If the Mona Lisa is the most visited painting in the Louvre, Las Meninas by Velazquez (below) is the single most visited painting in the Prado. I was with the majority. When The Family picked up a floor plan, I looked for the quickest route to Las Meninas. The huge painting dominates the gallery it is in, and has an enormous crowd which moves around it. The audio guide at the Prado is very informative, and a large number of people here were using it. One interesting fact, not mentioned by the guide, but visible in the statue of Velazquez outside the Prado (featured photo), is that Velazquez used special long-handled brushes for such large paintings. This made it possible for him to gauge the effect the painting would have for a viewer standing at a distance. Another wonderful painting by Velazquez in the Prado is The Fable of Arachne, perhaps one of his last paintings.

The Prado holds the Royal Collection of Spain. Although this is the nucleus, much has been added over the years. The original building, designed by Juan de Villanueva, has long been insufficient. New wings and galleries were added over the years, three independent buildings now hold gallery space for the Prado, and new space is currently being added. A day or two is not enough to see it all. It is best to buy a ticket on-line fairly far in advance. You are given a 15 minute slot for entry, but you can use the ticket for the full day, and even leave and come back in the same day. The cafeteria is very good and you do not need to leave if you don’t want to. We had a quick lunch in the museum’s cafeteria after taking in the extensive collection of paintings by Goya.

The paintings on display change, some come out of the holdings on to the walls, others circulate around the world. There is a limit to how much art you can absorb in a day. The Prado is immense, and one needs to visit it several times in order to take in all that it has.

The enormous collection

Pleasant times in Plaza Mayor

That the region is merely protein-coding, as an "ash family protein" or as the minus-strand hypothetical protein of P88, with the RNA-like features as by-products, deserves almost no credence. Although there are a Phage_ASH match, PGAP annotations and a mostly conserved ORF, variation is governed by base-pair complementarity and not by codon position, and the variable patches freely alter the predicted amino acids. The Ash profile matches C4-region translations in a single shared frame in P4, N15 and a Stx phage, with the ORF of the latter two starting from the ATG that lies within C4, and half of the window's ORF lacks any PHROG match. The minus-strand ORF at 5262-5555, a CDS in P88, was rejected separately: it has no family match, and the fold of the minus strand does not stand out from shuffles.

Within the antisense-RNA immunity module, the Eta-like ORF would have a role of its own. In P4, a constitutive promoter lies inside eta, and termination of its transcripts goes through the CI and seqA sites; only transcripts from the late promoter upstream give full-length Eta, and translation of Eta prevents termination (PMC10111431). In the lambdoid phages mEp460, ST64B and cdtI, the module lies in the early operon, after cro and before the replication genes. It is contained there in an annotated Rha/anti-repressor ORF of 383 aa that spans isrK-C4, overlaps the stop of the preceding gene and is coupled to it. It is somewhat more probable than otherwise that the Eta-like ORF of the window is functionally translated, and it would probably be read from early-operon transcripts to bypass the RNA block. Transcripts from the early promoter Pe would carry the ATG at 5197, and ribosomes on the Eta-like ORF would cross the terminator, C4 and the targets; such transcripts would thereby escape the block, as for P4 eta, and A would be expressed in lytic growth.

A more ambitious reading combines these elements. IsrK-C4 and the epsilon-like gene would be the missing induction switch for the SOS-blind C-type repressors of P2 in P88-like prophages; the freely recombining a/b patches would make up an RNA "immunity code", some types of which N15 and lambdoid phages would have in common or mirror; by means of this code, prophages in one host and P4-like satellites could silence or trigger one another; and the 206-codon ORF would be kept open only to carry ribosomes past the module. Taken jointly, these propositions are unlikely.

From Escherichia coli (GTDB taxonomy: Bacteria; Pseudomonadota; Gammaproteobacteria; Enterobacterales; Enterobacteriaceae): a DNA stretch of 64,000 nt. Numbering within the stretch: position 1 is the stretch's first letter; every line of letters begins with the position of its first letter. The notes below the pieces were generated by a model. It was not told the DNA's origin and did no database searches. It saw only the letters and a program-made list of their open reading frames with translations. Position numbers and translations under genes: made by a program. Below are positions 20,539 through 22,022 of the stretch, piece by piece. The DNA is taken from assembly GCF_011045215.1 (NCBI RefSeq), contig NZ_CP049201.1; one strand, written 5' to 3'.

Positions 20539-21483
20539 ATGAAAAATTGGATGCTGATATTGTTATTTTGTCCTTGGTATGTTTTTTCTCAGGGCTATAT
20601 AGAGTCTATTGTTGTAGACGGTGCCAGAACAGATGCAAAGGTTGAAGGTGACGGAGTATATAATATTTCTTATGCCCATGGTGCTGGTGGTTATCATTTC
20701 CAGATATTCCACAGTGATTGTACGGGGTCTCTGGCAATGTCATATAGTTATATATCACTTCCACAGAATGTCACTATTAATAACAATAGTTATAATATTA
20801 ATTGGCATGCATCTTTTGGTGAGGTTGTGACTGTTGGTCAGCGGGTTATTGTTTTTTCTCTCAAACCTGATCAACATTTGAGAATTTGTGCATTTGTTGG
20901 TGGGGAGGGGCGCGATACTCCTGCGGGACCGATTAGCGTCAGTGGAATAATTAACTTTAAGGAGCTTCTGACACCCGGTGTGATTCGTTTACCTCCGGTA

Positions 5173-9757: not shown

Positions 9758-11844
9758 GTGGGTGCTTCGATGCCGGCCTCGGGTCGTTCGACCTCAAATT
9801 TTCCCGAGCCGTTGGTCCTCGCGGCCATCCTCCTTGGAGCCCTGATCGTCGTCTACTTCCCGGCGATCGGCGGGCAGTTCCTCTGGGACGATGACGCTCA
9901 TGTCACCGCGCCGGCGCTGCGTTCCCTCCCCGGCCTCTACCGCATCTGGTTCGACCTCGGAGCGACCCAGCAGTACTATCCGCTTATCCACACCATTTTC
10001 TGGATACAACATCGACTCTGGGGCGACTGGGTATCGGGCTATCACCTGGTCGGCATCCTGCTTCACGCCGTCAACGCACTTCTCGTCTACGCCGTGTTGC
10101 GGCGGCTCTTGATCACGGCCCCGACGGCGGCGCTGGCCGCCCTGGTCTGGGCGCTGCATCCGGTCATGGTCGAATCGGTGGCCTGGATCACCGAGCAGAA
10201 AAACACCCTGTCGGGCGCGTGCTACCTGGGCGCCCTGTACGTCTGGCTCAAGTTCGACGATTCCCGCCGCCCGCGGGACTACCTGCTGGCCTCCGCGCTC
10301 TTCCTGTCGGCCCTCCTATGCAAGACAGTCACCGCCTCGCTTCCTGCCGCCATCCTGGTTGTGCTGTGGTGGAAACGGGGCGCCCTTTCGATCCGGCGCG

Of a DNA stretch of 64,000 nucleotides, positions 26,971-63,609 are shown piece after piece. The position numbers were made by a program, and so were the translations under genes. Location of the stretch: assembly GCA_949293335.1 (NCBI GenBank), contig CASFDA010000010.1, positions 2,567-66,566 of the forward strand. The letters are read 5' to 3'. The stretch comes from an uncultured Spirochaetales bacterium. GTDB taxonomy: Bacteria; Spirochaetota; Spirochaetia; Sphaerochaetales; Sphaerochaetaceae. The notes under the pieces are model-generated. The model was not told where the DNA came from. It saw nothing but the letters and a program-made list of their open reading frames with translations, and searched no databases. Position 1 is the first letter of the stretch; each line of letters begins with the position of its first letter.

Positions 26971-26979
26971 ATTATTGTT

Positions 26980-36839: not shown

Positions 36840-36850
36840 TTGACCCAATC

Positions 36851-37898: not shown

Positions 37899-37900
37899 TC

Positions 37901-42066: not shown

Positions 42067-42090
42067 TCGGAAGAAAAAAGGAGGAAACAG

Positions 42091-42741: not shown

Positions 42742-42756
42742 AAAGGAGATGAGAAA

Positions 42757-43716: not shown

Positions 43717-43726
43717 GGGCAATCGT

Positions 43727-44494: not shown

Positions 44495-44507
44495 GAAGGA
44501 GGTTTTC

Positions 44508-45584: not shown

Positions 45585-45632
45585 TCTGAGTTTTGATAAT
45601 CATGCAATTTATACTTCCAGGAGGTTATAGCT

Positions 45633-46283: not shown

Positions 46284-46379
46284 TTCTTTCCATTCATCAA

Plaza Mayor today is a fun place: a large enclosed pedestrian square lined with cafes, restaurants and shops. We strolled through the surrounding arcades, window shopping, before we decided to eat at one of the restaurants around the plaza. The plaza was alive with people in the warm summer evening, as you can see in the video below. There was nothing to remind us of the public executions, beatifications, bullfights, or the burning of heretics by the Inquisition.

If you read the history of the plaza, you see an emperor’s desire to remake the city into a grand capital by removing what must have been a congested marketplace at the crossing of the roads to Atocha and Toledo. Juan de Herrera drew up the plans under Philip II but construction started only in 1617, during the reign of his son. This is why the equestrian statue of Philip III stands in the middle of the square, as it has, intermittently, over the last couple of centuries. The present look of the square dates from after the fires of 1790s, and is due to the appropriately named Juan de Villanueva. I did not take photos of the frescoes made in 1992 on the northern facade to celebrate Madrid’s year as Eucrope’s cultural capital.

Just another little

As we walked past this church in Madrid, I would not have guessed that it was only a hundred years old. The building was huge, and the entrance to the church was squeezed between two parts of a facade lined with windows. The Family said, this looks like a residential church. Indeed it was, as we discovered from prophet Google.
The parish church of Santa Teresa y San Jose, to give it its local name, is a combination of a hospital, a religious convent and a church.

Work on it was started in 1916 and completed in twelve years. Within a few years, it was burnt down during the Spanish Civil War, and was then reconstructed. So, the crenellations and Gothic look of the structure are just romantic imagination. We saw that a religious service was in progress and did not go in. In Spain tourists are often forbidden from entering churches during service.

There were statues and other decorations on the facade (I think the photo on the left probably shows the patron saint of the church), all striving to make the church look older than it actually is. We gawked at all this and decided that the most admirable part of the building was the mosaic covered full dome which you can see in the featured photo.